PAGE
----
toggle menu

our publications

our publications

OUR PUBLICATIONS > Visual learning in the community school

OUR PUBLICATIONS > Visual learning in the community school

CCE Research

Visual learning in the community school

September 1, 2004

Author: Shirley Brice-Heath and Shelby Wolf

Institution: Stanford University and Brown University

Full reference: Heath, S.B., and Wolf, S. (2004) Visual learning in the community school. London: Arts Council England, Creative Partnerships

Summary of key findings

The five booklets in the series Visual Learning in the Community School describe several types of creative bridging and partnering that took place in 2003 and 2004 within a community school in Kent. The researchers looked closely at how language, attention, inspiration, and collaboration within the school changed through artistic partnership.

  • Sharing a common vision: community learning for community futures explores how the arts are used to engage parents, children, administrators, teachers and artists in creating a common vision for their school.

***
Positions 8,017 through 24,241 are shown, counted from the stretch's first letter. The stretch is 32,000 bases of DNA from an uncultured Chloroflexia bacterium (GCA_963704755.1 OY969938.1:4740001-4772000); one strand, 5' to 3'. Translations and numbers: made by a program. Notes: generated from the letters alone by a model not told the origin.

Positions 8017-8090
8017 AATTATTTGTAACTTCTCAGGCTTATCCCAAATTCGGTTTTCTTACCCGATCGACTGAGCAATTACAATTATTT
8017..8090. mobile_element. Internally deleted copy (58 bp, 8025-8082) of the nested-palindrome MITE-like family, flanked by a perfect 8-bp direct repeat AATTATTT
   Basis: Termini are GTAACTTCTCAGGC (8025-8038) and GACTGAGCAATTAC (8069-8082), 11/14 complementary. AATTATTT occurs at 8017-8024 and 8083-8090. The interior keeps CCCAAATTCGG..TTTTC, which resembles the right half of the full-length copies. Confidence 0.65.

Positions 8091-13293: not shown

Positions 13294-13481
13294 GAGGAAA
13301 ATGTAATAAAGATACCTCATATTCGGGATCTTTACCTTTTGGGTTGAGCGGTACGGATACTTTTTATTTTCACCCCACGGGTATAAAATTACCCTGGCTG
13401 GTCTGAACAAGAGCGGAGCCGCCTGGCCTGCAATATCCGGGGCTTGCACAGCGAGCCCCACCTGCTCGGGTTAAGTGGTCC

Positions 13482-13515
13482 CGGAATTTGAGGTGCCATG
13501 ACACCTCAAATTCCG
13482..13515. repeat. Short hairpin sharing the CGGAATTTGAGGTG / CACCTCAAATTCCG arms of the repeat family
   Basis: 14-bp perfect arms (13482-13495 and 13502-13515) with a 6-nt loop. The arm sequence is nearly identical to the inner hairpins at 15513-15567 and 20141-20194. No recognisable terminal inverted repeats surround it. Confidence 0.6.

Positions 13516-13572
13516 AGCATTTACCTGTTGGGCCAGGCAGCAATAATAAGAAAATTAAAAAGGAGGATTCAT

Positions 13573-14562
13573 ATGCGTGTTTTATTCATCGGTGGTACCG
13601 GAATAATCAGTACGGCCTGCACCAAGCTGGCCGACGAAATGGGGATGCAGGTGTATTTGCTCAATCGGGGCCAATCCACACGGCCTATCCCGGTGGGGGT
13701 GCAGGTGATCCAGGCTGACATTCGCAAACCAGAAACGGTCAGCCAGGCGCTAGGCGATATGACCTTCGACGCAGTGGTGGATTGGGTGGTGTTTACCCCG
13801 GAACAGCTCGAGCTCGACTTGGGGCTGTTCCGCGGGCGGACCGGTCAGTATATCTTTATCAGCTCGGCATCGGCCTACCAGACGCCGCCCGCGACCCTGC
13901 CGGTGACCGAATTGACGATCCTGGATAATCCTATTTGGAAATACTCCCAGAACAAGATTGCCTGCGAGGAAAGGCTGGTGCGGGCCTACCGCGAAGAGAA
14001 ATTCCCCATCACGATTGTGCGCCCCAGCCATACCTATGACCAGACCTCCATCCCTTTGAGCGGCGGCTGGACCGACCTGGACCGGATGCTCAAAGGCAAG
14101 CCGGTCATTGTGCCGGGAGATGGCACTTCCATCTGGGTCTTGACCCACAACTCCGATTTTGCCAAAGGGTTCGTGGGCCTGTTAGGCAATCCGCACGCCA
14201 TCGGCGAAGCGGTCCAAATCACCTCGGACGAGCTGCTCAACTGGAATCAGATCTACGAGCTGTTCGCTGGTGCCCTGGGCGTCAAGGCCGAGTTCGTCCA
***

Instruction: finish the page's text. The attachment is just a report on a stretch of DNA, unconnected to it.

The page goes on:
• With an eye on design: the power of presentation describes how engaging with the display of art develops young children’s capacity to empathise with audience and artist.
  • Art is all about looking: drawing and detail explores how children’s language and cognitive abilities develop when they learn to look carefully and draw in detail.
  • In Hoping for accidents: media and technique, through working with intention and imagination across different media and techniques, young children learn to talk about process, expected and unexpected consequences, and emotional assessments of their creative work.
  • It looks to me as if: talking about picturebooks shows how in producing their own visual art, children studying picturebooks as ‘narrative props’ had to articulate the meaning within visual details as well as the relationship between pictures and stories.

Research Questions & Methodology

The research is based on transcripts and field notes recorded and analyzed during the year and is reported here through thematic patterns.

Read the report.